Adjusting to any new place can be difficult. I've traveled to places as far as China where I couldn't even speak the language and yet, somehow, my first week in England has felt more foreign to me than any other place I've traveled.
The funny thing about moving to a place like England is the constant divergence between expectations and reality. As we both speak the same language and ultimately "my people" historically derive from this general area, I expected more similarities than differences. Every other sentence has a word I haven't heard before. A door handle that has to be turned up instead of down. Yellow meaning slow down AND get ready to go. Pull chains instead of light switches. Lefty loosey is lefty tighty. A microwave with no option to enter a time. Here are just a few of the things I've come across that I was surprised by:
- Coffee - Unbearable. Coffee shops are popping up everywhere right now, which is a relief because everyone I have met thus far drinks instant coffee like it's not some hotel bandaid for good coffee. "Did you try the Colombian coffee I brought, though? I think that's more of what you were expecting." My coworker said to me. So I looked in the cupboard. It was Colombian instant coffee by Nestle.
- Breakfast - I knew English breakfast pretty well, or so I thought, but I've observed a few new discoveries over the past week. Bacon IS NOT BACON. It's ham. If I want US bacon I have to ask for "streaky bacon". Avocado toast somehow made its way here, so millennials have clearly globalized. Diners and breakfast-all-day are apparently American things, or so I've been told.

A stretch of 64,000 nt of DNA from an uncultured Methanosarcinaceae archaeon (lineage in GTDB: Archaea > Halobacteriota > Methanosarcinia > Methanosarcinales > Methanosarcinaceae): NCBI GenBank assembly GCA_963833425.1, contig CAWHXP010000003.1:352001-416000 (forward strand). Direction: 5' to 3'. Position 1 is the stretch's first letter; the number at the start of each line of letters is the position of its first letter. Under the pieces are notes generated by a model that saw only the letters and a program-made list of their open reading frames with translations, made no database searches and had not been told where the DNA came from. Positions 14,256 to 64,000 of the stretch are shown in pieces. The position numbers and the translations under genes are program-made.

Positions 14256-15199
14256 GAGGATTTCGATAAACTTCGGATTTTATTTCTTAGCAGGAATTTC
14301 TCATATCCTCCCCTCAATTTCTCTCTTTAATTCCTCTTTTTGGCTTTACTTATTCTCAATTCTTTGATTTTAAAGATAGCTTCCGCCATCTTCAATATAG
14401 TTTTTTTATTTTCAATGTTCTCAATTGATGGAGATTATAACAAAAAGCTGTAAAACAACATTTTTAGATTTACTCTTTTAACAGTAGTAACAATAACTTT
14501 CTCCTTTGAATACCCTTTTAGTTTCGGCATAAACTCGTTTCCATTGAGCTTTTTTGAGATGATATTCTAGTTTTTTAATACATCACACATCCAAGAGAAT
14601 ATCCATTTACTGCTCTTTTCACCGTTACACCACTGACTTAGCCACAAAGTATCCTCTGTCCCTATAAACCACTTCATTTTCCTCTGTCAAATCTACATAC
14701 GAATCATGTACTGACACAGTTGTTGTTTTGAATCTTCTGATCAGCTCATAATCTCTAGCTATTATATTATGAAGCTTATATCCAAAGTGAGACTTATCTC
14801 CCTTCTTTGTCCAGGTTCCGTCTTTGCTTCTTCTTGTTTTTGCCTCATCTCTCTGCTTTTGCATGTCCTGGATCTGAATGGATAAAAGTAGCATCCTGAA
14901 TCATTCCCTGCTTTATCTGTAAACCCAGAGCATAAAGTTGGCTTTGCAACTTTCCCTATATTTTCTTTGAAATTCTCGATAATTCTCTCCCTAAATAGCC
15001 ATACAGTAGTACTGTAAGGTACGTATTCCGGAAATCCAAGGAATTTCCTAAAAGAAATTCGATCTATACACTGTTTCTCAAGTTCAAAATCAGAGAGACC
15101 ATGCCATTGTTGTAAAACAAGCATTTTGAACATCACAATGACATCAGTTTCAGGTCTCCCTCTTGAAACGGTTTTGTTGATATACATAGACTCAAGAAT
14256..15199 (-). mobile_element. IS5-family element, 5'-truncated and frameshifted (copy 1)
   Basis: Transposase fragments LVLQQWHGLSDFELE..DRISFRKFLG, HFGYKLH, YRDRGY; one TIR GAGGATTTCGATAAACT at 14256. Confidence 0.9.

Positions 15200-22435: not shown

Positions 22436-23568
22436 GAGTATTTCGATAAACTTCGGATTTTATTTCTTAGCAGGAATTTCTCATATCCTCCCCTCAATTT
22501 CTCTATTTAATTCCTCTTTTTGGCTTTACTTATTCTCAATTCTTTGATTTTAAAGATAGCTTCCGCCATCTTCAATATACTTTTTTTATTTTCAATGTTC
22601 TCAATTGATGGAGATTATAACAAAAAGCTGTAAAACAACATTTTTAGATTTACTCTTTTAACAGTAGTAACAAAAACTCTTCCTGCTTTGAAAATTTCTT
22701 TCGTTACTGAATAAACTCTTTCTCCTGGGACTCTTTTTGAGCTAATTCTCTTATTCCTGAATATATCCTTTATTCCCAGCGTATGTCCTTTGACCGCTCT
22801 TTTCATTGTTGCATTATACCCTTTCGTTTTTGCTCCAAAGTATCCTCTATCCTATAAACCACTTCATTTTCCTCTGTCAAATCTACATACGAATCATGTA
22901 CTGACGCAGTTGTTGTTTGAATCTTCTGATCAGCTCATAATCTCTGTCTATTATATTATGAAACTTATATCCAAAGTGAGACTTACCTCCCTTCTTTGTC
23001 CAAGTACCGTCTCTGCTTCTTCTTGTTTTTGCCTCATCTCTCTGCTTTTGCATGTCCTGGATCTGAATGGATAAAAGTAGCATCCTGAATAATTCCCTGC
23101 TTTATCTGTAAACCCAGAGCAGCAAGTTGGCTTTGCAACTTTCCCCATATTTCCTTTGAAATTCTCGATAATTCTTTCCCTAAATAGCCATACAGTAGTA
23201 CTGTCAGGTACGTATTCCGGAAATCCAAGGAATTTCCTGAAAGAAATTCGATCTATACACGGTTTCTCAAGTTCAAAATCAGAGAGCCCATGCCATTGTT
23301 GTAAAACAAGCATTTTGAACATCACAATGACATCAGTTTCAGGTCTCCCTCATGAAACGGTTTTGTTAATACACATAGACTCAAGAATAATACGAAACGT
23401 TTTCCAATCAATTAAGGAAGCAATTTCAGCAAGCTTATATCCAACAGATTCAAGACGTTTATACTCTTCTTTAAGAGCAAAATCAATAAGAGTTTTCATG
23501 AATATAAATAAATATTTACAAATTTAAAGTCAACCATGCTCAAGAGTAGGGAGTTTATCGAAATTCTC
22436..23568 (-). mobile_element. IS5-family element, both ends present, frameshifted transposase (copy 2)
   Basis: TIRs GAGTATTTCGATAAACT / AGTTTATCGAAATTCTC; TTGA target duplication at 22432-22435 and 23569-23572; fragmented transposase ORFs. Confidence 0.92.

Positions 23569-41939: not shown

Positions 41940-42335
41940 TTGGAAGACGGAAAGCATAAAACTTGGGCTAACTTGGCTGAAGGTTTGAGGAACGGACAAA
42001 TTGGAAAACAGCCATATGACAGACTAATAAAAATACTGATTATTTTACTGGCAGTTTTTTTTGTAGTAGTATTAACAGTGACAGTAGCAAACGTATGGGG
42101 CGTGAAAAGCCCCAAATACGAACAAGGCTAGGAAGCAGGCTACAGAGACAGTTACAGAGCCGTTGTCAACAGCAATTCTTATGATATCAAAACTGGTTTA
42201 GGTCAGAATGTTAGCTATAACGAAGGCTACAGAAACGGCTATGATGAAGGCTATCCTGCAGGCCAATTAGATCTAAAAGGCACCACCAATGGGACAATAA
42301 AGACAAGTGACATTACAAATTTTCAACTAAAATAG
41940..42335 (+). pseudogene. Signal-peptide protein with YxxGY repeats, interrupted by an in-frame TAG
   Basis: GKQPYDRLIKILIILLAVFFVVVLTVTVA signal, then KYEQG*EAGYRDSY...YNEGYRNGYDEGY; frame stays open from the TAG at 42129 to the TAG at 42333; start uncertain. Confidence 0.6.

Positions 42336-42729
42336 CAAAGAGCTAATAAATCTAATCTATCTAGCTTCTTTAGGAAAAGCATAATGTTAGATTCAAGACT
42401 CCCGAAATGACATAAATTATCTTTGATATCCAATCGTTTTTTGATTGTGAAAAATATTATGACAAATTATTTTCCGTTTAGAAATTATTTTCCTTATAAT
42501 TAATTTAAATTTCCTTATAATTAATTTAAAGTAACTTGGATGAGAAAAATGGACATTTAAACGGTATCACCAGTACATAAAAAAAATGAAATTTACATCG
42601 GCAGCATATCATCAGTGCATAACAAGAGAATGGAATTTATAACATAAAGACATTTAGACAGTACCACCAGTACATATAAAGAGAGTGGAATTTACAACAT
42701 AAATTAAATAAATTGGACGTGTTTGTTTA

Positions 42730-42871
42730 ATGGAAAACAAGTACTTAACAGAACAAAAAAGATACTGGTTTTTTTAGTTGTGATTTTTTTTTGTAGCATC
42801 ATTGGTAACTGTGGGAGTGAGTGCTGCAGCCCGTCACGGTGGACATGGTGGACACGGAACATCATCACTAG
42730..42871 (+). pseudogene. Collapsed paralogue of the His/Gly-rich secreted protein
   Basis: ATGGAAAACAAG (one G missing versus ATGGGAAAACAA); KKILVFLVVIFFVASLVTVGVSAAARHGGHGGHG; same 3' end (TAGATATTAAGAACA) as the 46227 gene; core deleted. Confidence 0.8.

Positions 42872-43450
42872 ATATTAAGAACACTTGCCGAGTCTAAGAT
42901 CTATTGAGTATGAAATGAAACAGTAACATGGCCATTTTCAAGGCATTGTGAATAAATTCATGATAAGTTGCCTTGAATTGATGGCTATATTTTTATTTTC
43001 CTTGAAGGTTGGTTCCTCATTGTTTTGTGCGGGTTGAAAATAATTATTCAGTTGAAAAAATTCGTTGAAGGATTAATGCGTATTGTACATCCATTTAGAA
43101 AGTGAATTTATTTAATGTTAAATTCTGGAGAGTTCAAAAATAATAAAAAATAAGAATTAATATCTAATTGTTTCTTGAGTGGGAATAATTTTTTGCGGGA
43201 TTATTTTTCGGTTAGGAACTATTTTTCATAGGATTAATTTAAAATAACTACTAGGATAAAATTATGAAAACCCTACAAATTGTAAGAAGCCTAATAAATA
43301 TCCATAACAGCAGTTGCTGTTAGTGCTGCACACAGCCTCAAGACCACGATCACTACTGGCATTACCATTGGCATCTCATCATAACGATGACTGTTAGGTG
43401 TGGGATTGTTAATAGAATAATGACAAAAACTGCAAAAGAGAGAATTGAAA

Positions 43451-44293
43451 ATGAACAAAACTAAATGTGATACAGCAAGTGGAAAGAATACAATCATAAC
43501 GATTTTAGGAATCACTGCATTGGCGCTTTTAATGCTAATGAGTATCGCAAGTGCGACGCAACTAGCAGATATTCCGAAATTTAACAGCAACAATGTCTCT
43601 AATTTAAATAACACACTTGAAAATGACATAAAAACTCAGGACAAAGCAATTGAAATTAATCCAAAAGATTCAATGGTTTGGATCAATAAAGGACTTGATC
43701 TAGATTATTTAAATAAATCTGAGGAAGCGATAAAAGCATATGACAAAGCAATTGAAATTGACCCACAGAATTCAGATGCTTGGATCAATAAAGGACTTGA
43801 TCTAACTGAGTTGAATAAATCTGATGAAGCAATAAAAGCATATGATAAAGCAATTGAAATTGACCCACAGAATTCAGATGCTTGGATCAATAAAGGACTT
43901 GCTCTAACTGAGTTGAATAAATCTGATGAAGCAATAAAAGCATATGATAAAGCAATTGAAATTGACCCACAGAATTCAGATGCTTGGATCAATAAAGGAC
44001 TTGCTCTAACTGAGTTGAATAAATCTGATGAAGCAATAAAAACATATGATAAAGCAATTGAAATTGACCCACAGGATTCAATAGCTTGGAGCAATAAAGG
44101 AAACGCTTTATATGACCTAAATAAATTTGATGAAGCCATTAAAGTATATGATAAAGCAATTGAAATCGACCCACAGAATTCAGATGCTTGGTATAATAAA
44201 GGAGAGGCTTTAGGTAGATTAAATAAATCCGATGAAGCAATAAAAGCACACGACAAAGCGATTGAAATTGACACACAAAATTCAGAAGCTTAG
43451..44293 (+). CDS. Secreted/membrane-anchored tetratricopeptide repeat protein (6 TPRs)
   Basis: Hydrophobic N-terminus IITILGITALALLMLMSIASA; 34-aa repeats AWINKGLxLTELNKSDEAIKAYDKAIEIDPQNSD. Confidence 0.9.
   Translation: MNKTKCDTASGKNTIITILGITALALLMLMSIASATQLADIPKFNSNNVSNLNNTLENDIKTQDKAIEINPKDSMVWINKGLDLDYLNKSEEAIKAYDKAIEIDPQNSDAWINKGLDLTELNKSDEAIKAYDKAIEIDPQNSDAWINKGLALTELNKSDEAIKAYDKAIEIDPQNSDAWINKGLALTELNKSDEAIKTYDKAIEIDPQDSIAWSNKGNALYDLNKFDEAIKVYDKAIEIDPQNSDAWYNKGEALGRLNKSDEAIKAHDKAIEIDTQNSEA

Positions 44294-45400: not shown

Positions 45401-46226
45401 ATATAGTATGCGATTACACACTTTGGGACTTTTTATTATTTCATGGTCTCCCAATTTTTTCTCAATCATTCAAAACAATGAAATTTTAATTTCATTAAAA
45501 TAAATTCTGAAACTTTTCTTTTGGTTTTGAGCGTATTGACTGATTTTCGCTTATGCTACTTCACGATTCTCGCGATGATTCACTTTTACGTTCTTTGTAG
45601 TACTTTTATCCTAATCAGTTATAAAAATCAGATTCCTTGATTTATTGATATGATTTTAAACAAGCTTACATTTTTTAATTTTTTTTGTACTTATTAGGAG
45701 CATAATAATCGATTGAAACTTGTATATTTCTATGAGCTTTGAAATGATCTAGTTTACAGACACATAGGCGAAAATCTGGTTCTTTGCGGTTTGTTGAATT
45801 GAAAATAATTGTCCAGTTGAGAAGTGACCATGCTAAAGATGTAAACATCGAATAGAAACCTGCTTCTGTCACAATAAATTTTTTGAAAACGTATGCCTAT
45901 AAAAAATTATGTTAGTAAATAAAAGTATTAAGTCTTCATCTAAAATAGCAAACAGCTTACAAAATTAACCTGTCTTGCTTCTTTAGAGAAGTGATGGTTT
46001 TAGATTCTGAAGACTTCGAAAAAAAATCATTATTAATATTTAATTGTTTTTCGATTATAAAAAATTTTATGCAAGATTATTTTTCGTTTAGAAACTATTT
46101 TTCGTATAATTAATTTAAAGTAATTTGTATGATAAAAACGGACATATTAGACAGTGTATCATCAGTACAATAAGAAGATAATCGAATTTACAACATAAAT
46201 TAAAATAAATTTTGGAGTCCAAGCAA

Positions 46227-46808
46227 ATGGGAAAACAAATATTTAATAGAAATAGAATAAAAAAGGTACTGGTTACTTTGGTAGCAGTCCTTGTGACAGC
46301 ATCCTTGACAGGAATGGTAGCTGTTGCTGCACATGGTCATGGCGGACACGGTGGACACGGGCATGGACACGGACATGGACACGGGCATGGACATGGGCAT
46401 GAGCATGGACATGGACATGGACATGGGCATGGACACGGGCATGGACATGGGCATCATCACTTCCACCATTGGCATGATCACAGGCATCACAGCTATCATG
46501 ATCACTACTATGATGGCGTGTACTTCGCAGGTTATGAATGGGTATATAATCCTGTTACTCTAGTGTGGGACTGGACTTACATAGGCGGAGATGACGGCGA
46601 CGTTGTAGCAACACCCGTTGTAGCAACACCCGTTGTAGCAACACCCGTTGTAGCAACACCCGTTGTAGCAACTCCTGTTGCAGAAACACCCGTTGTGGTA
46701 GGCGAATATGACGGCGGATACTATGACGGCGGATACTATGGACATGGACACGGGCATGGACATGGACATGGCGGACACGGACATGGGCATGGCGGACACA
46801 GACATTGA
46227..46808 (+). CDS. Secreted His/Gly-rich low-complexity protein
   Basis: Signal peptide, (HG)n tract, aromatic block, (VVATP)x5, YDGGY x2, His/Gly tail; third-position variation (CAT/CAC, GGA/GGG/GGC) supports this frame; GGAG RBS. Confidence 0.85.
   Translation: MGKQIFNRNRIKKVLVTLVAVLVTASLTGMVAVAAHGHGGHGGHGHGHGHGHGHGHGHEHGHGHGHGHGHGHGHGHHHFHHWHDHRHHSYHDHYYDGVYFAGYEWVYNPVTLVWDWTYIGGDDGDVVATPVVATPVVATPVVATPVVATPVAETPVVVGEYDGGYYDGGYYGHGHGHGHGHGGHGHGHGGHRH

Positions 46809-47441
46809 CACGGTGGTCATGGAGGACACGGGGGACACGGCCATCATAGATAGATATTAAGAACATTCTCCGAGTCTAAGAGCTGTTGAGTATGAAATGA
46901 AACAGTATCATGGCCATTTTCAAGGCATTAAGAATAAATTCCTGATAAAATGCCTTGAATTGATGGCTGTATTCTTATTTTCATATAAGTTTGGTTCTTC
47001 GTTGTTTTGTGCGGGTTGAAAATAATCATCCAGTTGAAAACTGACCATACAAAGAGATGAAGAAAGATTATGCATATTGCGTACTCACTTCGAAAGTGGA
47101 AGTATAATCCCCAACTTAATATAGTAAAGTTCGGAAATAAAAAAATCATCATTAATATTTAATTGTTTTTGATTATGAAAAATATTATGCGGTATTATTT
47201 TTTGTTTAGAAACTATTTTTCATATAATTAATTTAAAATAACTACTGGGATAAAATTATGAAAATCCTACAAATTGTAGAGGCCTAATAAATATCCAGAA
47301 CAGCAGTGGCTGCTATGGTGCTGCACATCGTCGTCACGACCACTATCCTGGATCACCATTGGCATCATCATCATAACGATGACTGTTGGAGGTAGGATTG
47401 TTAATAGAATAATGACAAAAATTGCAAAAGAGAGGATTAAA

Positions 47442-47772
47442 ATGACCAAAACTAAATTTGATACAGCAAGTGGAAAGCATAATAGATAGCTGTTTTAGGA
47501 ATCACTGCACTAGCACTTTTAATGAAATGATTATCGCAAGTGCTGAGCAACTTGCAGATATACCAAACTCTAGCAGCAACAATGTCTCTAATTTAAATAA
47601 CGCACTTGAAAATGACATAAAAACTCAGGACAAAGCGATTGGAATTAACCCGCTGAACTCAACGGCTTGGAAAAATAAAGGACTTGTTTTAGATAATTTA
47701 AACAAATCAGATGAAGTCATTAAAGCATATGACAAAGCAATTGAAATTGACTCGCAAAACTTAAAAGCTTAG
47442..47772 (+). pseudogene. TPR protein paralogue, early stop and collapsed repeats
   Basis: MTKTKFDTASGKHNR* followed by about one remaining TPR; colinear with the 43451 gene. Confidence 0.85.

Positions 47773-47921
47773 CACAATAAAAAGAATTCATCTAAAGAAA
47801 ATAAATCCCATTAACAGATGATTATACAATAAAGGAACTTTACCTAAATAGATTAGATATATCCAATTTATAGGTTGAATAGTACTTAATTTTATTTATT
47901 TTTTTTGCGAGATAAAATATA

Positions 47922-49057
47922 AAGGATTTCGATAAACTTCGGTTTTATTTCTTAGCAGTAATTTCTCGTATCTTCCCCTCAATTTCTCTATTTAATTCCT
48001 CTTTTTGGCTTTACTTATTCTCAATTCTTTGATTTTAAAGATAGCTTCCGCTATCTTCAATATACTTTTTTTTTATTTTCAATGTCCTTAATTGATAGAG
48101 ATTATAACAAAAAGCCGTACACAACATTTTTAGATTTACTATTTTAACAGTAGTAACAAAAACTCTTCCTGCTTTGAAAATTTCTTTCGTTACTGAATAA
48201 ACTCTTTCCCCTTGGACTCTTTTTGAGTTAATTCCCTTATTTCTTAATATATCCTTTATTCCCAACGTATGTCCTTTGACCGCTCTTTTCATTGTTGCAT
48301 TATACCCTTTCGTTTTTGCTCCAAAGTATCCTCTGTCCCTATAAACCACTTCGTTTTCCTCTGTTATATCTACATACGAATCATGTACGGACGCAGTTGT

- Soda - NOPE. If you like diet sodas and aspartame, step right up. But if you like American not-diet soda, don't even bother. The soda here- even American brands- have aspartame instead of sugar. It tastes miserable.
- Everyone hates the rain - It is 100% A-OK to not like the rain here. In fact, I never have to complain about it, because everywhere I go, someone else is already complaining about it. It's essentially a replacement for, "Hello, how are you?" People greet you with, "Miserable weather, innit?"
- Road rage - Or shall I say, lack of road rage. No one honks here. I have driven like a complete moron at granny-comparative speeds and not a single person has honked at me in Frome. There are speed cameras that will mail you a ticket if you are paced on a road over time as arriving at each camera faster than the speed limit calculates you can. And no one seems all that rushed about getting anywhere anyway.
- Stores - The grocery stores have several aisles dedicated to clothing, electronics, etc. like a Walmart would. The prices aren't bad at all. Malls aren't really a thing, but when they are, they tend to be outdoors so you can get rain in your shopping bags.
- Friendliness - While this probably isn't something you can label the entire UK with, I've found that everyone in Frome is extremely nice and polite. I had stereotyped England as such and was told repeatedly by friends that this was not the case. It is the case. I talked non-stop with the girl who did my nails and the lady who did my driving lesson. I can't ask any question in my office without the entire room chiming in. My landladies have emailed me so many times in the last week to check on me that I started feeling stalked. Everyone waves as you pass them on narrow roads. Flashing headlamps means "go ahead" and not "move, a-hole!"
- Driving - NOT AS SIMPLE AS CHANGING SIDES! The symbols are different, the colors are different, the lines are different, and very few of the picture signs have actual pictures to tell you what they mean. When I asked my driving instructor how anyone knows when a road has more than one lane since they don't use yellow lines to divide the road, she said, "Well, we don't really have many multi-lane roads" as though that was an answer XD